Duplex printing, i.e. printing in which an image is formed on both sides of a sheet of paper or other image receiving substrate, can be performed using a variety of known

For example, duplex printing can be conducted with a system that forms images on both sides of a sheet at a single transfer station. In some duplex printing systems, after a sheet has received a first image on a first side by passing the sheet through an image transfer station, the sheet is inverted. A second image is then formed on a second side of the sheet by passing the inverted sheet through the same transfer station.

Positioning an image on one side of a sheet in a manner that coincides with the position of the image on the other side of the sheet can be difficult. Registration of a first image on a first side of a sheet with a second image on a second side of a sheet is not always accurate because of one or more registration errors that offset the first image relative to the second image. For example, a page number printed on the bottom-center position of the first side of a two-sided, printed document should align exactly with the page number printed on the reverse side. The offset of the page number on the second side of a sheet with respect to the page number on the first side of the sheet is a registration error that is extremely undesirable, and considered unacceptable in various printing industries.

Registering two images on the front and back sides of a single sheet of paper can be difficult but is essential in industries such as the offset printing industry. In this industry, duplex sheets are sometimes produced having a number of pages, of what will ultimately be a single, multi-page document, aligned on the front and back of a single sheet of paper. To create such a multi-page document, a sheet of paper is printed with multiple images on the front and back side of a single composite sheet. The single composite sheet is subsequently folded and segmented into individual pages. Each of the images on a first side a sheet must therefore be registered with a corresponding image on a second side of the sheet before the sheet may be segmented into individual pages.

Specifically, the first image that appears on the first side of the sheet and the second image that appears on the second side of the sheet are positioned so that identical images printed on both sides of the sheet are coincident with each other. In other words, two identical images printed on both sides of a sheet of paper form mirror images of each other since each image is printed with no apparent offset from the other. Thus, an image on the front side of a sheet would appear to be in perfect or transparent registration with the corresponding image on the back side of the sheet.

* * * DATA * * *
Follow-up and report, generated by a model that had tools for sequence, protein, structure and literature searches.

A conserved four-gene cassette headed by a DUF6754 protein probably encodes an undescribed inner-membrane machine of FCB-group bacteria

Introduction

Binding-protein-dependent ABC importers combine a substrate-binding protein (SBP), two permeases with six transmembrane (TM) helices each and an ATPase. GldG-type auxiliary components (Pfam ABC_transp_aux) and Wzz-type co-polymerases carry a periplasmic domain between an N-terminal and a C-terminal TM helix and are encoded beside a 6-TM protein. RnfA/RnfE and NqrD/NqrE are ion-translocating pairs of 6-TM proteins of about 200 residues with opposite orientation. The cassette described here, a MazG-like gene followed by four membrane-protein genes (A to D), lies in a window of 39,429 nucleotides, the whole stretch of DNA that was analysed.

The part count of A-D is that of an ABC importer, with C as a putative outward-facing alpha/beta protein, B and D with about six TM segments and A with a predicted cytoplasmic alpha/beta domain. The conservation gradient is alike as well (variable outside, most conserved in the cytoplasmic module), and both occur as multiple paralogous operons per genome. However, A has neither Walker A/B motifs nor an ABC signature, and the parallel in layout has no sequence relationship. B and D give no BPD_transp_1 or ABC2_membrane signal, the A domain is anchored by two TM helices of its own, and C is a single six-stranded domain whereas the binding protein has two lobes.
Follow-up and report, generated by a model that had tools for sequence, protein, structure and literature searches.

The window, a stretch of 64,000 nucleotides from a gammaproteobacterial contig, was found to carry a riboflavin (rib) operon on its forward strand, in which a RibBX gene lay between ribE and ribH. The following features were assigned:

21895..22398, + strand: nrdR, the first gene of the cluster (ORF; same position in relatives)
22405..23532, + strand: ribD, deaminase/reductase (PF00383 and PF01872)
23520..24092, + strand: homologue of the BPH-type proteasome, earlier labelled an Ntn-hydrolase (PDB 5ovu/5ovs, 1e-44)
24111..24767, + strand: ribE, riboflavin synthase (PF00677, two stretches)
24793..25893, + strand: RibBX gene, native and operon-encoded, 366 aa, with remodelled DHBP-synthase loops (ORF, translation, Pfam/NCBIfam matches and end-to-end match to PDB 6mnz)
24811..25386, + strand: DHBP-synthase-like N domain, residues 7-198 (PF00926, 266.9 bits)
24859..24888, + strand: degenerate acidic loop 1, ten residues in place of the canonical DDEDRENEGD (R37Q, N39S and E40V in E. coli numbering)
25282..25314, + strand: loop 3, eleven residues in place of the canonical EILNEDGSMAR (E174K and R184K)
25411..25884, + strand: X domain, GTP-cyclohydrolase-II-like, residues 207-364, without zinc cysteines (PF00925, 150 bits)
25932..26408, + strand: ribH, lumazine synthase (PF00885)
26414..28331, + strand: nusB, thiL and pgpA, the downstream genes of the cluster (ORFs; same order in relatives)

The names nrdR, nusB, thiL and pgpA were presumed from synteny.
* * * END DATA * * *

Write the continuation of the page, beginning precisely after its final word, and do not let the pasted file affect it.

To ensure transparent registration, it is essential that the position of the printing substrate be precisely controlled. Active registration systems which sense document position and operate to correct the position of a copy sheet, if necessary, before an image is transferred to the copy sheet are well known. However, even if position is controlled, errors in magnification make achieving such transparent registration difficult. Errors can be attributed to the speed at which an image carrier, such as a photoconductive drum or photoreceptor belt or drum, operates. Magnification errors can also be attributed to the frequency at which a write clock or a pixel clock operates. Another source of magnification errors is the expansion or contraction of paper, coupled with variation in these properties from sheet to sheet. In order to correct such magnification errors, the speed of the photoreceptor belt or drum, or other such device, is adjusted, and the pixel clock frequency is adjusted.

The “show through” error that occurs when transparent registration is not achieved can be quantified by measuring of the displacement between two points, one on a first side of the sheet and one on a second side of the sheet, that are intended to be equidistant from a common sheet edge. This error is caused, at least in part, by the factors identified above. The portion of the error associated with paper shrinkage is often caused by fusing a printed image on the first side prior to printing of an image on the second side.

In various printing systems, which combine a wide range of paper types with very specific performance specifications, a method of reducing show through error is needed.

This invention provides systems and methods that make margin adjustments to reduce the effects of show-through in duplex printing.

This invention separately provides systems and methods that reduce show through error in duplex printing that compensate for different paper types and sizes.

This invention separately provides systems and methods that reduce show-through in duplex printing resulting from paper shrinkage or growth.

This invention separately provides systems and methods that reduce setup errors that occur when adjusting simplex and duplex magnification errors.

This invention separately provides systems and methods that compensate for errors that result from paper shrinkage caused by fusing during duplex printing.